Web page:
Theology

Hieromartyr Polycarp the Bishop of Smyrna

Saint Polycarp, Bishop of Smyrna, who was “fruitful in every good work” (Col. 1:10), was born in the first century, and lived in Smyrna in Asia Minor.

He was orphaned at an early age, but at the direction of an angel, he was raised by the pious widow Kallista. After the death of his adoptive mother, Polycarp gave away his possessions and began to lead a chaste life, caring for the sick and the infirm. He was very fond of and close to Saint Bucolus, Bishop of Smyrna (February 6). He ordained Polycarp as deacon, entrusting to him to preach the Word of God in church. He also ordained him to the holy priesthood.

Sermon by Newly-Canonized Serbian Bishop Mardarije (Uskokovic) on the Second Sunday of Great Lent, Delivered at the Church of Saint Olga Orphanage in Kishinev.

My dear children. I visited your wealthy and valuable library, I saw very many interesting and beneficial books on various topics and saw you often reading these fine tomes. But to my great sorrow and disappointment, I did not see the most important of all books. I looked throughout the library and could not find a single Bible. You are not to blame for this, nor are your teachers, it is the spirit of the time that is to blame, contemporary society. This wonderful book is very hard to find even in the most eminent homes. It is considered to be an old, boring book whose days have passed. Oh how cruelly are people mistaken! There is no book more valuable than the Bible. There was not and will not ever be another book which can replace the Bible.

Synodikon of Orthodoxy

The text of the Synodikon of Orthodoxy has been much altered over the centuries, chiefly by the addition of material and names that postdate the Restoration of the Icons in 843. This is the case with the text that is printed in the current Triodia. Some of the more zealous contemporary Orthodox even include condemnations of such things as the ‘pan-heresy of Ecumenism‘. It is probably impossible to reconstruct the original text exactly. However the British Library possesses a manuscript, (BL. Additional 28816) written in 1110 or 1111 by a monk Andrew of the monastery of Oleni in Moraea, which may give some idea of the scope and contents of the original. In the opinion of Jean Gouillard, the editor of the critical edition of the Synodikon, ‘the London manuscript is certainly one of the best witnesses to the primitive and purely Constantinopolitan form of the Synodikon’. The manuscript was unknown to him when he prepared his edition and has in consequence been generally neglected.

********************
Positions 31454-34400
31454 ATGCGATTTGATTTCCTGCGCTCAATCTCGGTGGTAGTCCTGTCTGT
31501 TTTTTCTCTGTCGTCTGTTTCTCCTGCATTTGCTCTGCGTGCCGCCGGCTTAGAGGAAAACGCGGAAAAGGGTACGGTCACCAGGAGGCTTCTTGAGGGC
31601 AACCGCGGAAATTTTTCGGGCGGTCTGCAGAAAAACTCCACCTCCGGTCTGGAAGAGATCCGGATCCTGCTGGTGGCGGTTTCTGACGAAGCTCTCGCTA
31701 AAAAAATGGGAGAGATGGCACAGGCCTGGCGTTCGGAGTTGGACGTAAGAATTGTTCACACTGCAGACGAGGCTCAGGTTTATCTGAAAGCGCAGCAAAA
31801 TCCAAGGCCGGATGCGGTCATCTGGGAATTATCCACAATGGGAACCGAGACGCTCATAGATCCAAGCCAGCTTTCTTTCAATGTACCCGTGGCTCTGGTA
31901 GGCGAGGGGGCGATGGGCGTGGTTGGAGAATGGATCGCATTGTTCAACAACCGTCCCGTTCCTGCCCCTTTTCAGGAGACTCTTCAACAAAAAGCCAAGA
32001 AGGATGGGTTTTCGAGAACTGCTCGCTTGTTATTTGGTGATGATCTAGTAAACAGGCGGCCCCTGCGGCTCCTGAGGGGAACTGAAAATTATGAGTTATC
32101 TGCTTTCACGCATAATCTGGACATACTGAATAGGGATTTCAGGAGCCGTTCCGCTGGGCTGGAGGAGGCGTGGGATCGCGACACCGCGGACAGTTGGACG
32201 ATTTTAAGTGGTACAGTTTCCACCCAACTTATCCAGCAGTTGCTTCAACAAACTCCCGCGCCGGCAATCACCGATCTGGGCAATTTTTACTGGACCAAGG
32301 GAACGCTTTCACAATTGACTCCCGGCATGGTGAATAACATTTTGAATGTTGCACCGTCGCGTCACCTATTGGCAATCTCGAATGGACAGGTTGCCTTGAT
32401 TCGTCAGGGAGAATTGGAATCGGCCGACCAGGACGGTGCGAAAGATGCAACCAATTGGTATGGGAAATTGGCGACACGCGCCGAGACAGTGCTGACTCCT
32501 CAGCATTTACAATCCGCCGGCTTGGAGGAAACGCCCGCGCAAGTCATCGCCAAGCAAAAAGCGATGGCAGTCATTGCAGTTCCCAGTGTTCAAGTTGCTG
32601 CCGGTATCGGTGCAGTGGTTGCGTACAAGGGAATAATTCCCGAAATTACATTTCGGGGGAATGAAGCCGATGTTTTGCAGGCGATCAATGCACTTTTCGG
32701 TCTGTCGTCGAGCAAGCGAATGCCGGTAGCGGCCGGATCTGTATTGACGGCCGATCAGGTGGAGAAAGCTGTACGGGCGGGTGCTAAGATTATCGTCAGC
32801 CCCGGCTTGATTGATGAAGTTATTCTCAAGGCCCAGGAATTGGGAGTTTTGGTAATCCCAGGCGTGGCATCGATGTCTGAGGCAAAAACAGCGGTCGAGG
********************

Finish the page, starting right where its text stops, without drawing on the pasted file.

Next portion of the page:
Hieromartyr Charalampus (Haralambos) the Bishop of Magnesia in Thessaly

The Hieromartyr Charalampus, Bishop of Magnesia, the Martyrs Porphyrius and Baptus and Three Women Martyrs suffered in the year 202.

Saint Charalampus, Bishop of Magnesia (Asia Minor), successfully spread faith in Christ the Savior, guiding people on the way to salvation. News of his preaching reached Lucian, the governor of the district, and the military commander Lucius. The saint was arrested and brought to trial, where he confessed his faith in Christ and refused to offer sacrifice to idols.

The Great Canon of St Andrew of Crete

There is no other sacred hymn which compares with this monumental work, which St Andrew wrote for his personal meditations. Nothing else has its extensive typology and mystical explanations of the scripture, from both the Old and New Testaments. One can almost consider this hymn to be a “survey of the Old and New Testament”. Its other distinguishing features are a spirit of mournful humility, hope in God, and complex and beautiful Trinitarian Doxologies and hymns to the Theotokos in each Ode.

The Life of Venerable Simeon the Myrrh-Gusher

On February 26th (February 13th according to Julian calendar) we commemorate: The Venerable Simeon (Myrrh-Gusher), from whose relics flowed myrrh – Chrism
Stefan Nemanja, the great ruler (Great Zupan) of the Serbian people, the consolidator of Serbian lands, creator of the independent Serbian state, defender of Orthodoxy and exterminator of heresy. At first, he was baptized in the Latin Church but later left this Church and embraced the Orthodox Church.

Martyr Tryphon of Lampsacus Near Apamea in Syria

The Martyr Tryphon was born in Phrygia, one of the districts of Asia Minor, in the village of Lampsacus. From his early years the Lord granted him the power to cast out demons and to heal various maladies. He once saved the inhabitants of his native city from starvation. Saint Tryphon, by the power of his prayer, turned back a plague of locusts that were devouring the grain and devastating the fields.